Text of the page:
Taking advantage of the previous day’s bounce, traders aggressively sold into strength last Friday, causing the major indices to surrender all of Thursday’s gains and break down to new lows of the week. Stocks opened near the flat line, but subsequently trended steadily lower throughout the day. Both the Nasdaq Composite and Dow Jones Industrial Average fell 2.5%, as the S&P 500 plunged 2.8%. The small-cap Russell 2000 and S&P Midcap 400 indices shed 3.0% and 2.8% respectively. All the main stock market indexes closed at their worst levels of the day and week. For the month of October, the stock market’s losses were relatively modest, but the final week of the month was nasty. Last week, the Dow declined 2.6%, the S&P 4.0%, and the Nasdaq 5.1%.
For most of the day, volume was tracking below the previous day’s levels, but turnover picked up in the final hour of trading. Total volume in the NYSE finished 13% above the previous day’s level, while volume in the Nasdaq ticked 10% higher. When stocks bounced back with large percentage gains last Thursday, the light volume that accompanied the rally prompted us to warn against getting back on the long side of the market. The warning generated from the bearish price to volume relationship proved to be right. Last Friday’s sharp losses on higher volume tells us mutual funds, hedge funds, and other institutions were distributing shares again, just as we’ve seen numerous times in recent weeks. However, with the market now firmly in correction mode, the “distribution day” count becomes largely insignificant; rather, we’re now on the lookout for convincing displays of institutional buying that would precede a near-term bottom.
The CBOE Volatility Index ($VIX), a popular measure of the implied volatility of S&P 500 index options, has broken out above a substantial level of horizontal price resistance to close at its highest level since early July of this year. The $VIX is commonly referred to as the “fear index” because it represents the market’s expectation of volatility over the next 30-day period. The daily chart of the $VIX is shown below:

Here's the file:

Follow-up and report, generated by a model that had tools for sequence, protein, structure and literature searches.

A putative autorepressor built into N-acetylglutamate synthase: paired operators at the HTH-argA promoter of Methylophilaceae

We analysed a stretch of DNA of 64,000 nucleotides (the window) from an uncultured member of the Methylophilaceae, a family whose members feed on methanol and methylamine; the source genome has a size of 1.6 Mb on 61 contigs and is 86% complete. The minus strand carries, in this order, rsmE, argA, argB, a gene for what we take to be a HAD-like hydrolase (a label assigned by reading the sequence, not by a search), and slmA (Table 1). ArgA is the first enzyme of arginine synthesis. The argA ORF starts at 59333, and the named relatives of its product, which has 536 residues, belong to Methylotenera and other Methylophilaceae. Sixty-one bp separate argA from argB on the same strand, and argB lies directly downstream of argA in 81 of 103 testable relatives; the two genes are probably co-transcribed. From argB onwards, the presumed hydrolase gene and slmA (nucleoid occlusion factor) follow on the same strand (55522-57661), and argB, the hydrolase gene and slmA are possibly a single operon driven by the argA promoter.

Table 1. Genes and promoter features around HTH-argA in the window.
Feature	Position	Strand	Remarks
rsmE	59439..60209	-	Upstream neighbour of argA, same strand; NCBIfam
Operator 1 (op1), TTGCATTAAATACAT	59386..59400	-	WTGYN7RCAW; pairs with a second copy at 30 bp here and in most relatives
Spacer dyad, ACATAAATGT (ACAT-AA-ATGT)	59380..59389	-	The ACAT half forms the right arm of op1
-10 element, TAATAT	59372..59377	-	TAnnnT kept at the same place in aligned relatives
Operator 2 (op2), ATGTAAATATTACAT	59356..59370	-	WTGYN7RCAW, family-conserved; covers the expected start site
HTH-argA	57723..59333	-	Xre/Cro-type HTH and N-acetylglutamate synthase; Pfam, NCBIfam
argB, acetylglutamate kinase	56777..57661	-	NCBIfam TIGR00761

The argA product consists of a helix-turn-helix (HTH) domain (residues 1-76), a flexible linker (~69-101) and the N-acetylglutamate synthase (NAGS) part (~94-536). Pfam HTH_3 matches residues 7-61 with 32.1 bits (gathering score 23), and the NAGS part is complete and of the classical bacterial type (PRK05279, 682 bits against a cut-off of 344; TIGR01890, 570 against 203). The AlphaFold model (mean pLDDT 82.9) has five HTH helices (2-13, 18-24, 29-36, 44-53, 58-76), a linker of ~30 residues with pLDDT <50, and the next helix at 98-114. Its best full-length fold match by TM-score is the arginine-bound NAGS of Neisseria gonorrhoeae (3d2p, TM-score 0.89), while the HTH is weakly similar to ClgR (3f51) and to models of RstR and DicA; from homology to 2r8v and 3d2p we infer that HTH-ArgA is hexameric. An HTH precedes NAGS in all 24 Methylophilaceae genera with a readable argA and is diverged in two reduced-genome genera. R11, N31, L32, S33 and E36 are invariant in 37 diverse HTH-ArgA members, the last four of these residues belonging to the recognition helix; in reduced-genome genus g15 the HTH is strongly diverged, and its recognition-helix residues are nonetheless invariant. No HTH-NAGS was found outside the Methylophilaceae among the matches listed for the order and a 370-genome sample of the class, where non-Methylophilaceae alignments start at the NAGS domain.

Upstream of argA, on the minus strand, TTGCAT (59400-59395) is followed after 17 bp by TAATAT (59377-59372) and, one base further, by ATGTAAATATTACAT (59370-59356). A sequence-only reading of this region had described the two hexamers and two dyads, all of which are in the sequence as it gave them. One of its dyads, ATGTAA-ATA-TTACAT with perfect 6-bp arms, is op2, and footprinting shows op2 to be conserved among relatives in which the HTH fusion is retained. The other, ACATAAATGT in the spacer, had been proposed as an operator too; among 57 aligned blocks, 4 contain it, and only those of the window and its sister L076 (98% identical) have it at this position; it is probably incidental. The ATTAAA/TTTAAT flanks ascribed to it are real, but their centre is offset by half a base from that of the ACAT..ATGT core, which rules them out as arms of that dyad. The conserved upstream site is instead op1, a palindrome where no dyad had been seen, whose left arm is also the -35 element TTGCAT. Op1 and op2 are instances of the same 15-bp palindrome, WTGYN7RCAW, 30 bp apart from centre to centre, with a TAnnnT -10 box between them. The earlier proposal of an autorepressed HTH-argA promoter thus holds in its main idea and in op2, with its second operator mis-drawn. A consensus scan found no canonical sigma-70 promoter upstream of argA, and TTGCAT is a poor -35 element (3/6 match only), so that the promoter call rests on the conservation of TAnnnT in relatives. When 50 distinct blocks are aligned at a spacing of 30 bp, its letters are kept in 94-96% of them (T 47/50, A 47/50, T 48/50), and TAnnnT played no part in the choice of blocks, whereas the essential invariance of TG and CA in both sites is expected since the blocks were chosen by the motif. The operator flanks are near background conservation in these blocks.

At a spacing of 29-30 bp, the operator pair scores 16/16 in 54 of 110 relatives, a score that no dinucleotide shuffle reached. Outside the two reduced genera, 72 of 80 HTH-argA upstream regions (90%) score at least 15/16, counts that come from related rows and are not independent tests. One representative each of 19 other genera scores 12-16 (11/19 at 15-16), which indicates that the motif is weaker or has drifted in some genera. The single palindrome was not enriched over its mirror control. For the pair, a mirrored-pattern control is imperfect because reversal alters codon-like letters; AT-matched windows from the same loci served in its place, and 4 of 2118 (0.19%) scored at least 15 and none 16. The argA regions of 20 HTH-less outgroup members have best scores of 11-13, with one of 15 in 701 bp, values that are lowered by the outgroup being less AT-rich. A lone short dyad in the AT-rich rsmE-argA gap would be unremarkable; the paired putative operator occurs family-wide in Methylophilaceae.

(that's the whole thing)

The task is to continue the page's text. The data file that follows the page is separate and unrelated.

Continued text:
As technical analysis goes, we typically focus on basics such as relative strength, trendlines, moving averages, and volume patterns to guide our trading and investment decisions. When looking at the $VIX, we generally view it as a way to confirm other trends we’re seeing on the charts. In this case, the $VIX appears to be confirming the sudden change of market sentiment over the past few days. By the way, while on the subject, we’d like to make you aware there is indeed an ETF that supposably tracks the movement of the $VIX, but we do not recommend trading it for anything more than an intraday trade. This is because the ETF has consistently lagged the actual $VIX by such a wide margin that there seems to only a minimal correlation. Just for kicks, take a look at the daily chart of iPath S&P 500 VIX Short-Term (VXX):
While the actual $VIX Index has broken out to close at its highest level since July, VXX has yet to even break out above its prior high from October. In fact, VXX is still trading below its 50-day moving averages; whereas, the $VIX index is well above its 50-day MA, and is about to test its 200-day MA. We’ll spare you the gory details of why its portfolio composition causes VXX to lag the $VIX so badly, but suffice it to say you have been cordially warned.